It is probably the easiest way to add your ingredients into the measuring cup. Hence the name, you simply dip the cup into the bag or container and lift it out. The ingredient you fill the cup with will be overflowing from the top. You’ll then use a flat tool like a butter knife to sweep over the top of the cup until the ingredients are even with the brim. It’s especially important that that flour is measured with a completely flat top. It’s such an important ingredient that a little excess can make a huge difference in the outcome.
The difference between scooping and dipping flour is that spooned flour is less dense. There are different methods of scooping. You can light scoop or heavy scoop. In fact, the same size scoop using a light or heavy hand can actually be as much as 50% different in total mass. The method you use is dependent on the amount you need. For example, a light scoop will weigh around 4.4oz while a heavy scoop will weigh 5.8oz. Knowing the difference between the type of scoop you use is one of the key factors to making or breaking a recipe.
While it’s harder to measure dry ingredients by volume, the more you practice the better you’ll get at it. A good technique is to scoop a cup of flour and then weight it. Try to then scoop the same amount of flour several different times until you become familiar with the amount of flour you’ll get with your particular scooping method.
The Difference Between Ounces and Fluid Ounces
You may be thinking, wait but aren’t they the same thing? This is actually one of the most commonly confused issues when it comes to baking and measuring out ingredients. When we talk about ounces, we are talking about a unit of weight. However, fluid ounces are a unit of volume. When measuring simple ingredients like water, measuring using fluid ounces for an ounce won’t make much of a difference, but ingredients like flour, starch, or tarter can alter the recipe completely if not measured using the proper ounce.
When it comes to measuring ounces and fluid ounces, there’s an easy trick. All wet ingredients are measured using fluid ounces. This makes sense because wet ingredients take up volume, while dry ingredients are measured using weight. When measuring dry ingredients for a recipe, you’ll always use ounces. Ingredients like pasta, oats, or chocolate chips are all measured using ounces to make weight. The only exception to this rule is when a recipe clearly calls for items by weight instead of volume. Then you would also measure wet ingredients using the ounce measuring rather than fluid ounces.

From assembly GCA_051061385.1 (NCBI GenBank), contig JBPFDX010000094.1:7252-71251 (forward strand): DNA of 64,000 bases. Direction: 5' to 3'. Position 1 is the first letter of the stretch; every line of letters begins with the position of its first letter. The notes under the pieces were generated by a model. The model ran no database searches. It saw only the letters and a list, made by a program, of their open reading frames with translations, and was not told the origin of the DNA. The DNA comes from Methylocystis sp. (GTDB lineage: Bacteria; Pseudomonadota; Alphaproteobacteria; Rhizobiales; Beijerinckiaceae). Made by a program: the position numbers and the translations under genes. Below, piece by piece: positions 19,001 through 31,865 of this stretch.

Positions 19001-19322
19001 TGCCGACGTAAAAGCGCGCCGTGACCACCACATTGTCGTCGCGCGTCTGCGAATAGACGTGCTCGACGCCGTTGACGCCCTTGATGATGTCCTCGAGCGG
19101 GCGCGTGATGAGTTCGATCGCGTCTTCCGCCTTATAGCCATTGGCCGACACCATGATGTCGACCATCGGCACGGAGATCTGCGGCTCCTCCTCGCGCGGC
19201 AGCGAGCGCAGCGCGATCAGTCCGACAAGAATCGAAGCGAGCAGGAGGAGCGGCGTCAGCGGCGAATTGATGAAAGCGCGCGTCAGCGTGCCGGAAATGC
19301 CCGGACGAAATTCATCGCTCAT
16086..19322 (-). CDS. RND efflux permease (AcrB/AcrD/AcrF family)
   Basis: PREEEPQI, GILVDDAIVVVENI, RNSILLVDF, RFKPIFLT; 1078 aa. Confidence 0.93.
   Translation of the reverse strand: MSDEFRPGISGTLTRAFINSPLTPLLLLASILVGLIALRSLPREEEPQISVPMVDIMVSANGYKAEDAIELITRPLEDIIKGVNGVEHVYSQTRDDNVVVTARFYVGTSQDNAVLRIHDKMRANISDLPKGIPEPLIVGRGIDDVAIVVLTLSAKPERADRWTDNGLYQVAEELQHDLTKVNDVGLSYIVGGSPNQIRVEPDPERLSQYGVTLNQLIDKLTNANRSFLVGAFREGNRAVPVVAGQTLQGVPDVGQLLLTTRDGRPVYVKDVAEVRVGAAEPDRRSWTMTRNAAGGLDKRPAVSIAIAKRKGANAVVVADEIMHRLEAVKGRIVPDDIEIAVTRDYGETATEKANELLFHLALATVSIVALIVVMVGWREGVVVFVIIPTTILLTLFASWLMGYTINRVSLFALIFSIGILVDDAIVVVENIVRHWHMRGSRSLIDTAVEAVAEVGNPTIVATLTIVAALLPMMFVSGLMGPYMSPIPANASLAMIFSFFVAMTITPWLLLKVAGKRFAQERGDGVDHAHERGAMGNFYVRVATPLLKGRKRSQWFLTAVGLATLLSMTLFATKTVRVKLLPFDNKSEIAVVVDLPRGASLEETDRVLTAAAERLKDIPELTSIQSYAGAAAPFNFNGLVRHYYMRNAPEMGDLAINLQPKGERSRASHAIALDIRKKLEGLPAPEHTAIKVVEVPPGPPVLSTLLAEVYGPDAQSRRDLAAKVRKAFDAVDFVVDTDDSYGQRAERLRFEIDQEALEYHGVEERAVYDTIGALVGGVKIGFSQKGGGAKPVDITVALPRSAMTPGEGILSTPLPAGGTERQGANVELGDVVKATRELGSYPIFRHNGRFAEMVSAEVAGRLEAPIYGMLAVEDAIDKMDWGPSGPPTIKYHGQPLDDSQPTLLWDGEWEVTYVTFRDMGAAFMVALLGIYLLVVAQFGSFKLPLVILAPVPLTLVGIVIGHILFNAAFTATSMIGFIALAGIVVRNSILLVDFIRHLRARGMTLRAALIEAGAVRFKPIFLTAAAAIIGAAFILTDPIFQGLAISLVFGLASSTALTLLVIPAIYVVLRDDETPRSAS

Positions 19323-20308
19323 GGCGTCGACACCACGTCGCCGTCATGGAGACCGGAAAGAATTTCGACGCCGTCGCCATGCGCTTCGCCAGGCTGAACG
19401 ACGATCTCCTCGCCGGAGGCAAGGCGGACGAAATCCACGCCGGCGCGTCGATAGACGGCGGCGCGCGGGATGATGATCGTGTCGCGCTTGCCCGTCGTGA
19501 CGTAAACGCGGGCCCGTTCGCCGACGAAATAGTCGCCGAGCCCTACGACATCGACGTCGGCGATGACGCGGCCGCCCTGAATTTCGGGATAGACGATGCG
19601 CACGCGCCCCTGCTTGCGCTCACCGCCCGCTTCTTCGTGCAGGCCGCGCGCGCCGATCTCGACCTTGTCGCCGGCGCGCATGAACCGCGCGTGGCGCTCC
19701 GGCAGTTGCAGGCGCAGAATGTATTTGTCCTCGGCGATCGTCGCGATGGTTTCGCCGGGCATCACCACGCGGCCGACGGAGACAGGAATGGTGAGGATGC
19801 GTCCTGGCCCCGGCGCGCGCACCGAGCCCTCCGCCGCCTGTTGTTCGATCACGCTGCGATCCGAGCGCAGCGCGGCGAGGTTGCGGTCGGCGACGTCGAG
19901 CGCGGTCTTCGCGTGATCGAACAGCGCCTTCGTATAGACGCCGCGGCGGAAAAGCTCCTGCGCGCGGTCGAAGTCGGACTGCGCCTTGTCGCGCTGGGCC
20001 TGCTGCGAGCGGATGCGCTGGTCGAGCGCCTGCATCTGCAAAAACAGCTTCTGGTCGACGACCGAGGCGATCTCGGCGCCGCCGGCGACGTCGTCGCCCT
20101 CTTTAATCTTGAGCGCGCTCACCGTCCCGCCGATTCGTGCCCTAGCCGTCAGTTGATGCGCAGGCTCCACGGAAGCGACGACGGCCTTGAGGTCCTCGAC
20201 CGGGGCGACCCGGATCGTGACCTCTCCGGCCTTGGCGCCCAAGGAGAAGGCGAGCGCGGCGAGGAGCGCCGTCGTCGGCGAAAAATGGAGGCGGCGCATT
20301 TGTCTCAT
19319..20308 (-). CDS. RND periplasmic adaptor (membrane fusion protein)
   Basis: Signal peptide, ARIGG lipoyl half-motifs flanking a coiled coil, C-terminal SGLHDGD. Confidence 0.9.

Measuring by Weight
If you’re interested in becoming a serious baker and want projects to come out consistent from batch to batch, and then you need to learn how to measure from weight. Measuring by weight is less time consuming, and you don’t have to wash a ton of different tools after you add all of your ingredients into the recipe. Your digital kitchen scale will be your best friend when measuring by weight when measuring both wet and dry ingredients.
One reason a lot of bakers choose to measure by weight rather than volume is that it’s more accurate. When measuring weight, there are no guessing games. 3oz of flour will always be 3oz of flour no matter which way you look at it. The weight isn’t going to change during transfer, and you’ll guarantee an exact ratio of ingredients every time. Measuring by weight is also less messy which a lot of people prefer when baking. Baking is messy enough without all the complication of measuring by volume. Instead of breaking out all of your different measuring tools, all you’ll need for the entire job is a mixing bowl for your wet ingredients, one for your dry ingredients and a digital scale.
When measuring by weight, the process is simple. You simply add your ingredients to the mixing bowl and measure them out. You can even add all of your ingredients into the same bowl without removing any by tracking the weight by adding to the current weight of ingredients.
Baking is a fun process and it is enjoyed by many people around the world. When you learn how to bake using the proper measurements and the method that’s suited for your needs, baking will be an even more enjoyable experience to pass down for generations.